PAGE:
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Discussion Starter · #1 ·
Anyone who's homeschooling ever have their child officially tested or something like that? I've been doing some research and I am wondering if our eldest would qualify as gifted. She's not in preschool b/c we're homeschooling and plan to continue that as long as possible. I was basically curious if those who are homeschooling identified their kids as gifted themselves and left it at that or if they chose to do some sort of third party testing/evaluation.
 

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We did have our dd tested last fall right after she turned 8. It was difficult to decide whether to pursue testing or not. I am glad we did for a few reasons. It gave us a bit better insight on her relative strengths and weaknesses helping me decide how best to help her. It validated my belief that the fast pace she was asking for was not incorrect. The scores qualified her for the Davidson Young Scholars program where I can look for support as needed. If there are programs she is interested in participating in later that require scores we now have them.<br><br>
I don't think it is something everyone needs to do, or that even we necessarily had to do. I just felt better knowing we had the scores if we needed them so that later on we wouldn't be wishing we'd gotten them. A big factor for us was finding a tester within a days drive who was experienced with highly gifted kids and didn't cost an arm and a leg. We got IQ and achievement testing for $300. I'm not sure we could have justified spending thousands as some people have found necessary.<br><br>
Before testing, I had no problem identifying our dd as gifted if the situation required it -but there is rarely a need.
 

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To the OP: I am wondering what would be your reason for testing. I did have my son tested when he was 5 and just entering public kindergarten. He is one of those gifted children for whom life seems to much to handle: he is anxious, he is sensitive, he is always thinking and does not know how to just "let it go." He has a very low frustration level, as well. In short, he was unhappy and seemed to be struggling with life. He was in therapy for anxiety at the time, and his therapist suggested testing to help illuminate for us any subtle or hidden issues that could be affecting his behavior and anxiety. Our testing cost more than $2,000 and did little to inform us. <img alt="" class="inlineimg" src="http://www.mothering.com/discussions/images/smilies/greensad.gif" style="border:0px solid;" title="greensad"> Nonetheless, at the time I chose to go through with it, I felt I was helping my son by trying to figure out a missing piece of the puzzle. It didn't help, and I'm over it. I wouldn't recommend testing just for the sake of satisfying curiosity because it may yield inaccurate results. However, if by knowing a particular score or number, you feel you can better educate your daughter at home, then you shouldd consider it. I ddon't know a lot about home schooling, but I am a public schol teacher (fourth grade) and in general, I feel I have a strong intuition for teaching children. Knowing their scores has not been particularly helpful to me, except on the rare occasion, such as with a child with a learning disability who has a hard time conveying her true knowledge and abilities but may be gifted.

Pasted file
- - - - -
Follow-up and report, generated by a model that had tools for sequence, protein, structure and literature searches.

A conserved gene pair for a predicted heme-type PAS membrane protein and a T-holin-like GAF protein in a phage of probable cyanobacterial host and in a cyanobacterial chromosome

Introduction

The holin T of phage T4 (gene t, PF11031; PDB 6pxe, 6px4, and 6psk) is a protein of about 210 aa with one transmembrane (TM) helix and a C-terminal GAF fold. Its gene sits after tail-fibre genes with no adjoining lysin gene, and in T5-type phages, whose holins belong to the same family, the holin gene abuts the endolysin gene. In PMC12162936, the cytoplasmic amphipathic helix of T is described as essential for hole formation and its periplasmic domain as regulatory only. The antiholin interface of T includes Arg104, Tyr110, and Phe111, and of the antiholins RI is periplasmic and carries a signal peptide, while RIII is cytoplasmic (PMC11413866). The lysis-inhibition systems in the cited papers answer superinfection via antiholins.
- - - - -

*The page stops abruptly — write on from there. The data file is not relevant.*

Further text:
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Our child has disabilities and his IQ and acheivment were first tested as part of a broader developmental evaluation. It turned out to be helpful to us in two ways. One, it opened up opportunities for him to participate in some gifted programs of interest. Two, it helped convince us it was okay to really open to more radical acceleration than we probably wouldn't have otherwise considered. It gave us some idea where he was already and helped us avoid the trap of thinking we needed to slow things down.<br><br>
I don't think there is any universal reason why assessment is necessary for homeschoolers, nor any reason why homeschoolers should avoid it either.
 

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Discussion Starter · #5 ·
I'm mostly interested in whether or not home educators found this information useful in planning their curriculums. Would testing give me a better picture of her strengths and weaknesses and allow me to foster growth in those areas appropriately? This is more what I'm wondering vs. needing scores for some outside reason.
 

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<div>Originally Posted by <strong>1stTimeMummytoLore</strong> <a href="/community/forum/post/7274285"><img alt="View Post" class="inlineimg" src="/community/img/forum/go_quote.gif" style="border:0px solid;"></a></div>
<div style="font-style:italic;">I'm mostly interested in whether or not home educators found this information useful in planning their curriculums. Would testing give me a better picture of her strengths and weaknesses and allow me to foster growth in those areas appropriately? This is more what I'm wondering vs. needing scores for some outside reason.</div>
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It did for us...but that was more a range of giftedness question than anything. If the kid was moderately gifted and I wasn't worried about learning disabilities, I don't think it would have been much help.
 
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